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Re: The Hurd: what is it?

From: Thomas Bushnell BSG
Subject: Re: The Hurd: what is it?
Date: Wed, 09 Nov 2005 20:09:51 -0800
User-agent: Gnus/5.110004 (No Gnus v0.4) Emacs/21.4 (gnu/linux)

"Alfred M\. Szmidt" <address@hidden> writes:

>    > Unix is a operating system developed by Bell labs.  That is quite
>    > concrete.
>    Huh?  Is Unix BSD, or is it System V?  Which?!  Or is it SCO?
> UNIX V6 for example, but you knew that...

It is as if you are not listening still.

Unix 32V (the Vax port of V7) was certainly Unix.  There were two
successor projects: BSD and System III.  It was meaningless at that
time to ask "which one is Unix"; Unix was both.  Indeed, it was
officially both, by decision of the federal courts, who found that BSD
had the right to continue to use the trademark.

But how does that change anything?  How does labelling this or that
change the world?  Suppose I declared, "The Mach-based codebase is the
Hurd, the L4 stuff is not the Hurd."  How would that have affected
reality?  It could still be that work on the L4 port is a better use
of people's time, and how would the labelling clarification have done

So I suspect that labelling is *not* the issue; that the real issue is
that you want me to declare "People should work on the Mach version
and give up on L4" or else to declare "People should work on the L4
port and abandon the Mach version." 

But hey, maybe I don't have a preference?  Maybe I don't know which
the most productive use of people's time is?  (And declaring that it's
my responsibility to know doesn't somehow beam the knowledge into my

It is not as if I had some seekrit knowledge or seekrit plan which I
was refusing to divulge.  You know, already, everything I know about
the issue.  There are no facts in my head about this, no plans about
this question whether solid or vague, nothing sitting waiting in the

Your tone has made this even harder; instead of asking questions, you
have berated me for not knowing the answer to a question that simply
*has no* answer.  I am not obliged to "bless" this or that code base;
if I choose to do so, it would be based on more knowledge and
information than I have right now.  I simply do not have the knowledge
or information upon which to make such a judgment; I suspect that
nobody does.

Generating that information and knowledge is something anyone could
do; it does not require any special privileges.  It requires people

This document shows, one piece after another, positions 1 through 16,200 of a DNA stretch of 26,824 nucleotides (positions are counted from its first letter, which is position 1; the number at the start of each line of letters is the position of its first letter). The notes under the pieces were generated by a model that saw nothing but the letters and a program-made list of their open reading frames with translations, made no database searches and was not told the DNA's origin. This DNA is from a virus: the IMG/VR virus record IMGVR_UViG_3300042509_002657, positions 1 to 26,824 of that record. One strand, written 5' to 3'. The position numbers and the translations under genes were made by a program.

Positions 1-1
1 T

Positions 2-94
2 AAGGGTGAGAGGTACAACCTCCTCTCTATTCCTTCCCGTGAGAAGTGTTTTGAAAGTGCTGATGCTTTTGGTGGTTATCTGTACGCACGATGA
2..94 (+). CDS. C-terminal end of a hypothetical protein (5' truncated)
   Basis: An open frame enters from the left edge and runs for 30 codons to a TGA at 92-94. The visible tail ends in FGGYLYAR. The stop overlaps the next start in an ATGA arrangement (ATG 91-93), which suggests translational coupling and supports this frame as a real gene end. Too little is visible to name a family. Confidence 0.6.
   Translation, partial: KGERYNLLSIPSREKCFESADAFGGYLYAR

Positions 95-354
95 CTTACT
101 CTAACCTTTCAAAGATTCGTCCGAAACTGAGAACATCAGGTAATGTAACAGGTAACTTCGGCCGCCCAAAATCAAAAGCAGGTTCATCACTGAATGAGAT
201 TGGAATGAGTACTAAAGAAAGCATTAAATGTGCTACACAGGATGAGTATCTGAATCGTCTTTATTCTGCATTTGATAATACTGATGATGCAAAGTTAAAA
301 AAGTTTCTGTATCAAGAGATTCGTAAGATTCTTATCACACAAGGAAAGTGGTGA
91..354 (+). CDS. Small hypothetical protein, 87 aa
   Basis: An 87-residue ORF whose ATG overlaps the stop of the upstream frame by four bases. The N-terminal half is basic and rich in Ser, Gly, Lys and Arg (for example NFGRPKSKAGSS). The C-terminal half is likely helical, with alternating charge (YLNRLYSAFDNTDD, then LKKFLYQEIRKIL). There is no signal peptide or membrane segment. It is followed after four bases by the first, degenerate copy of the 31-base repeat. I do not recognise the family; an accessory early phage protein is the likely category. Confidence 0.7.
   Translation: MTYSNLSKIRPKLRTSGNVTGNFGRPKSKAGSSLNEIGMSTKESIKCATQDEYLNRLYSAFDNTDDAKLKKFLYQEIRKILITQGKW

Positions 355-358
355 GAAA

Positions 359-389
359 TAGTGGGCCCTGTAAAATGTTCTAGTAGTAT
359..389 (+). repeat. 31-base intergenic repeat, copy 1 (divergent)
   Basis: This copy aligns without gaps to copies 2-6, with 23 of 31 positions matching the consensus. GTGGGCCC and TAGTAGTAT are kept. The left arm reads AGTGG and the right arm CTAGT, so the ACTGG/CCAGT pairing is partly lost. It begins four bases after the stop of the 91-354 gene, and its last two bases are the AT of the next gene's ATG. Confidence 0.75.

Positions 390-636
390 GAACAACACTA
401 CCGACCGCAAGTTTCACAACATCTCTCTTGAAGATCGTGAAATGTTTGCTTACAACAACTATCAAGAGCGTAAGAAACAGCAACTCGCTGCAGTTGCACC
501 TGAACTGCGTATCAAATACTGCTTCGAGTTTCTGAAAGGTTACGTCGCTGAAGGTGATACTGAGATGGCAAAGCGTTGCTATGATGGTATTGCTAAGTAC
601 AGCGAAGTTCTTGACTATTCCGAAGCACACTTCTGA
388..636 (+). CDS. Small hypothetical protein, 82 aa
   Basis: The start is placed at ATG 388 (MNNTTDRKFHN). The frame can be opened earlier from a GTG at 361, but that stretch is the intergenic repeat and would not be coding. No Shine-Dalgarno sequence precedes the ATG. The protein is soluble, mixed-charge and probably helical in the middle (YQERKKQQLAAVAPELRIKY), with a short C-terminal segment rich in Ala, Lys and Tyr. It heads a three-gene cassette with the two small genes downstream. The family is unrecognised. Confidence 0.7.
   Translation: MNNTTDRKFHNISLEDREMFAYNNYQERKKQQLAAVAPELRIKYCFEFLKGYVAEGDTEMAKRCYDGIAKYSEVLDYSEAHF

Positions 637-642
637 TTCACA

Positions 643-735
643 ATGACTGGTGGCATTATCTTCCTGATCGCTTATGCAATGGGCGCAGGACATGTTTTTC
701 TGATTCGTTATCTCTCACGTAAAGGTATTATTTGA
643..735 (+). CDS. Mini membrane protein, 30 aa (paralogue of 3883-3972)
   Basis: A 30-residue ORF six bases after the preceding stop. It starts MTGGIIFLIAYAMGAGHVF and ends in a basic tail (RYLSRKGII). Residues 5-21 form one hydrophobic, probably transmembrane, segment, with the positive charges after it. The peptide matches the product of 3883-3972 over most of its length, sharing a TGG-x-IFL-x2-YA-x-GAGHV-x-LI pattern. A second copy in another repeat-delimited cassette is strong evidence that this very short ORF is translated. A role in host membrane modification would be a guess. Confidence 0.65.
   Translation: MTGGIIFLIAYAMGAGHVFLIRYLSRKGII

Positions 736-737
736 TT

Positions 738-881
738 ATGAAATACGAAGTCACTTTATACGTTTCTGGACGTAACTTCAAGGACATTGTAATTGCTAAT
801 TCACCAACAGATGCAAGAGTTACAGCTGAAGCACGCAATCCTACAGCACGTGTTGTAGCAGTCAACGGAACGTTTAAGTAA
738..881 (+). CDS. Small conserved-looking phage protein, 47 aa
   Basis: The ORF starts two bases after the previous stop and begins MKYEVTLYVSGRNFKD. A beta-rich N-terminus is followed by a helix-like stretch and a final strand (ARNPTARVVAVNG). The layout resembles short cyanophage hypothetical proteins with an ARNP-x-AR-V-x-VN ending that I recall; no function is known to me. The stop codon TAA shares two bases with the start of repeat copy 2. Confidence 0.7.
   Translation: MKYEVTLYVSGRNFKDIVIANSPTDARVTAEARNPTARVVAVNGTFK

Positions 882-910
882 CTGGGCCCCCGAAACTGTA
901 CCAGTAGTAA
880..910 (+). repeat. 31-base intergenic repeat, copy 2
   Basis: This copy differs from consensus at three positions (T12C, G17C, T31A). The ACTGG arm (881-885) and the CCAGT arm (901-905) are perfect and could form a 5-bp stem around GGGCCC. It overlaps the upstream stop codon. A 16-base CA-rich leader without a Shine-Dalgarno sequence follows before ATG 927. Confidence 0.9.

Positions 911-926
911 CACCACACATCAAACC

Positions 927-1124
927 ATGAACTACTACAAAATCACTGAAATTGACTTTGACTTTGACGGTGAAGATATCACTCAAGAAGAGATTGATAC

investigating the details of L4, the details of Mach.  It requires
people coming up with technical arguments about the plusses and
minuses of both.  I am not in a position to declare that I know the
answer ahead of time; I do not have any intuition about the question
to offer except the following:

It is extremely unlikely that we want to use Mach forever.  Whether we
switch to L4 or something else, it is a near certainty that, at some
point, we will switch.  Mach simply has too many problems to be a
long-term solution.  It is therefore true that any work which factors
as much Mach-dependency out of the code-base would be productive.  It
is a guarantee that such work will help whatever the ultimate decision
is, whenever it is reached.

Many of the issues that the L4 port brought up are issues that affect
the Mach-based Hurd as well.  They are therefore issues that we should
seriously consider.  I do not have any particular opinions about what
should be considered and in what order, but I do agree with Marcus
that some redesign of some core interfaces may be in order (though, I
repeat, I do not have an opinion about *when* that should be done).
This redesign could be conveniently done piecemeal in most cases, and
could be done together with the above-mentioned refactoring.  Giving
the Hurd its own IDL, for example, not tied so strongly to Mach, would
be an excellent start.  Another task would be clarifying an exact list
of what is expected from a microkernel that the Hurd is to run on,
much in the way that GCC has its processor-specific and os-specific .h
files.  (Though, I expect, much much less complicated that what GCC

So there, if you want direction, that's what I can offer.


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